FIG. 2 shows the effect of compound I at a dose of 150 mg/day/kg body weight on serum cholesterol (o) and triglycerides (∘ ). *p 0.05 compared to the control group.
The hypolipidemic effect as a function of dose administered is shown in FIG. 1. A time-course study (from 12 h up to 14 days) of the hypolipidemic effects were examined with a dose of 150 mg/day/kg body weight (see FIG. 2). Four animals were used for each treatment and a 0.5% CMC solution only was administered to rats as control. After administration of the test compound, rats were fasted for 12 hours and anesthetized with haloethan. Blood samples were collected by cardiac puncture, and lipid concentrations in serum were determined using an autoanalyzer. Liver was removed at the same time, and it was homogenized in ice-cold sucrose medium (0.25 M sucrose, 10 mM Hepes buffer, pH 7.4 and mM EDTA). A 10% liver homogenate was made and peroxisomal β-oxidation was measured. The effects of the compounds were compared with that of clofibrate, tiadenol and niadenate. These drugs were suspended and administered at a dose of 150 mg/day/kg body weight to rats in a similar way as compound I. The dosing lasted for 10 days and the data obtained are shown in Table 1.
TABLE 1______________________________________Effect of compound I and different hypolipidemicdrugs on the liver weight and peroxisomal beta-oxidation in rat liver homogenates Liver weight/ Peroxisomal β-oxidationCompounds body weight (nmol/min/g liver)______________________________________Control 4.1 ± 0.1 340 ± 30Compound I 4.3 ± 0.2 460 ± 40**Clofibrate 5.7 ± 0.2* 1120 ± 60*Tiadenol 6.9 ± 0.3* 1450 ± 80*Niadenate 7.3 ± 0.2* 1480 ± 90*______________________________________ Values represent means ± S.D. of four rats. Statistically significant differences from the controls: *p < 0.01, **p < 0.05.
Values represent means ±S.D. of four rats. Statistically significant differences from the controls:
Table 1 clearly shows the superior property of the compound I regarding adverse side effects at doses that give comparable lipid lowering.
Further, FIGS. 1 and 2 show that compound I can achieve a significant reduction in serum lipids.
The compounds according to the invention thus exhibit a good hypolipidemic effect in blood of mammals such as rats and possess low toxicity measured as increase in liver weight and increased peroxisomal β-oxidation. The compounds exhibit a good hypolipidemic effect in rats, but lower toxicity compared to the comparative drugs (clofibrate, tiadenol and niadenate). Therefore they may be useful as medicinal compounds. For such purposes, the compounds of the present invention can be administered orally or parenterally in a conventional dosage form such as tablets, capsules, powders, emulsions and solutions prepared according to conventional pharmaceutical practices.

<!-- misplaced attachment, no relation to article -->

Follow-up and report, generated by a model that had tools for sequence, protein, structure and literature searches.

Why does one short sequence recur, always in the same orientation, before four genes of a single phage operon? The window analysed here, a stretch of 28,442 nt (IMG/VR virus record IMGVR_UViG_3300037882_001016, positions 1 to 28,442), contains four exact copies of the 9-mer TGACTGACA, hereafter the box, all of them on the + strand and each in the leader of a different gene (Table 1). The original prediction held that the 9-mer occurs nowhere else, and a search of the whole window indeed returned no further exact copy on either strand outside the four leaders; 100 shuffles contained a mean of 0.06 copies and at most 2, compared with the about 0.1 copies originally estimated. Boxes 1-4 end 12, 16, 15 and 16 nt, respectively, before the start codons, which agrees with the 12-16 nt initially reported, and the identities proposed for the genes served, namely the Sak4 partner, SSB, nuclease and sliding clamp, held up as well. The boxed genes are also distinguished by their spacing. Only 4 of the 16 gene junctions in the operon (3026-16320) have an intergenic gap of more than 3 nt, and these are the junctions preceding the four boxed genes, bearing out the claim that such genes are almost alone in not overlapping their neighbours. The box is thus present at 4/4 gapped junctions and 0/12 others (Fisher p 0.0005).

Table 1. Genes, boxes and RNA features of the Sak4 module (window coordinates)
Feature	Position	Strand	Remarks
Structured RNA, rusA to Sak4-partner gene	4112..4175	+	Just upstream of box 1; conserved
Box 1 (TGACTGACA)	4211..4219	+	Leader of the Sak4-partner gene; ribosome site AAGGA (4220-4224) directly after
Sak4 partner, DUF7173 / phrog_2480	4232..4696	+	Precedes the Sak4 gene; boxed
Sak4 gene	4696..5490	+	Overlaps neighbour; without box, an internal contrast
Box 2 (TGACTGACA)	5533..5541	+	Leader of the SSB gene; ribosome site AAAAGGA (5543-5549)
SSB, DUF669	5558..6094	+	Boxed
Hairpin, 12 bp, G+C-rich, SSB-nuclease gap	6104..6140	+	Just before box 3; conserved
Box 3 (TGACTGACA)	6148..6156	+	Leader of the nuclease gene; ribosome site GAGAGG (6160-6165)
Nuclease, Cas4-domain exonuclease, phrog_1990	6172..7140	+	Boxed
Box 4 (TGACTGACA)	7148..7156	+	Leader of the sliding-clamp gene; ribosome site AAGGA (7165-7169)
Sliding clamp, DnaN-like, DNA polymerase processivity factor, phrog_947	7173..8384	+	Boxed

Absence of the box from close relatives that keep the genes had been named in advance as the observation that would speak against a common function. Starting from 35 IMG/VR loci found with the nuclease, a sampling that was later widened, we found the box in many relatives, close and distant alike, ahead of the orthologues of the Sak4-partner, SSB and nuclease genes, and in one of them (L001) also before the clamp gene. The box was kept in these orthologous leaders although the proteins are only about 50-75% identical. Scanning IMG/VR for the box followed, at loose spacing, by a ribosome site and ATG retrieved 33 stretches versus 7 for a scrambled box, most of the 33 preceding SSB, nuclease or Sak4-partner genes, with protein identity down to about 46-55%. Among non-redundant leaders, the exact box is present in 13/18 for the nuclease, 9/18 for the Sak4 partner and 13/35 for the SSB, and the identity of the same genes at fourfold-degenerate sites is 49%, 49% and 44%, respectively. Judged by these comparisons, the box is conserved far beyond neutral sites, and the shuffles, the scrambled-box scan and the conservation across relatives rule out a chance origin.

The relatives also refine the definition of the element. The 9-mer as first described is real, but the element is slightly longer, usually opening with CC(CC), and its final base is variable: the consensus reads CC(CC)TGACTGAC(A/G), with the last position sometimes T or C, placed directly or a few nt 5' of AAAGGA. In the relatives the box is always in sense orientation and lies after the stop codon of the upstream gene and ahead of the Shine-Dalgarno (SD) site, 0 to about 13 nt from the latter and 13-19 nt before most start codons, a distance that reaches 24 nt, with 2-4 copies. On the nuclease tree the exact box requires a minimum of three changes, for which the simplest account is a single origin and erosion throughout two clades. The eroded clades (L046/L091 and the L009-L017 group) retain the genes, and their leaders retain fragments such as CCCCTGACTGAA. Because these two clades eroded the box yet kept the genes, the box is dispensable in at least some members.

The compounds according to present application may be administered to patients suffering from any type of dyslipidaemia except type I.
The dosage range for the compounds according to the present application is contemplated to be from 100-1000 mg/day for the average adult patient.
The actual dose necessary will depend on the patient's condition and will have to be determined by the attending physical from case to case.
The compounds according to the present application may be administered in any suitable pharmaceutical composition, alone or in admixture with the commonly used pharmaceutical carrier materials. For oral pharmaceutical compositions such carrier materials may be for example water, gelatin, gums, lactose, starches, magnesium stearate, talc, oils, polyalkylene glycol, petroleum jelly and the like. Such pharmaceutical preparations may be in unit dosage form and may additionally contain other therapeutically valuable substances or conventional pharmaceutical adjuvants such as preservatives, stabilizing agents, wetting agents, emulsifying agents, buffers and the like. The pharmaceutical preparations may be in the conventional solid dosage forms such as tablets, capsules, dragees, and the like, in conventional liquid forms such as solutions, suspensions, emulsions and the like and other conventional dosage forms such as dry ampules, suppositories and the like.
For parenteral administration the compounds according to the present application may be administered as solutions, suspensions or emulsions using conventional pharmaceutical carrier materials such as for example water for injection, oils, polyalkylene glycols and the like. These pharmaceutical preparations may further include conventional pharmaceutical adjuvants such as preservatives, stabilizing agents, wetting agents, emulsifying agents, salts for the adjustment of the osmotic pressure, buffers and the like. The preparations may also contain other therapeutically active materials.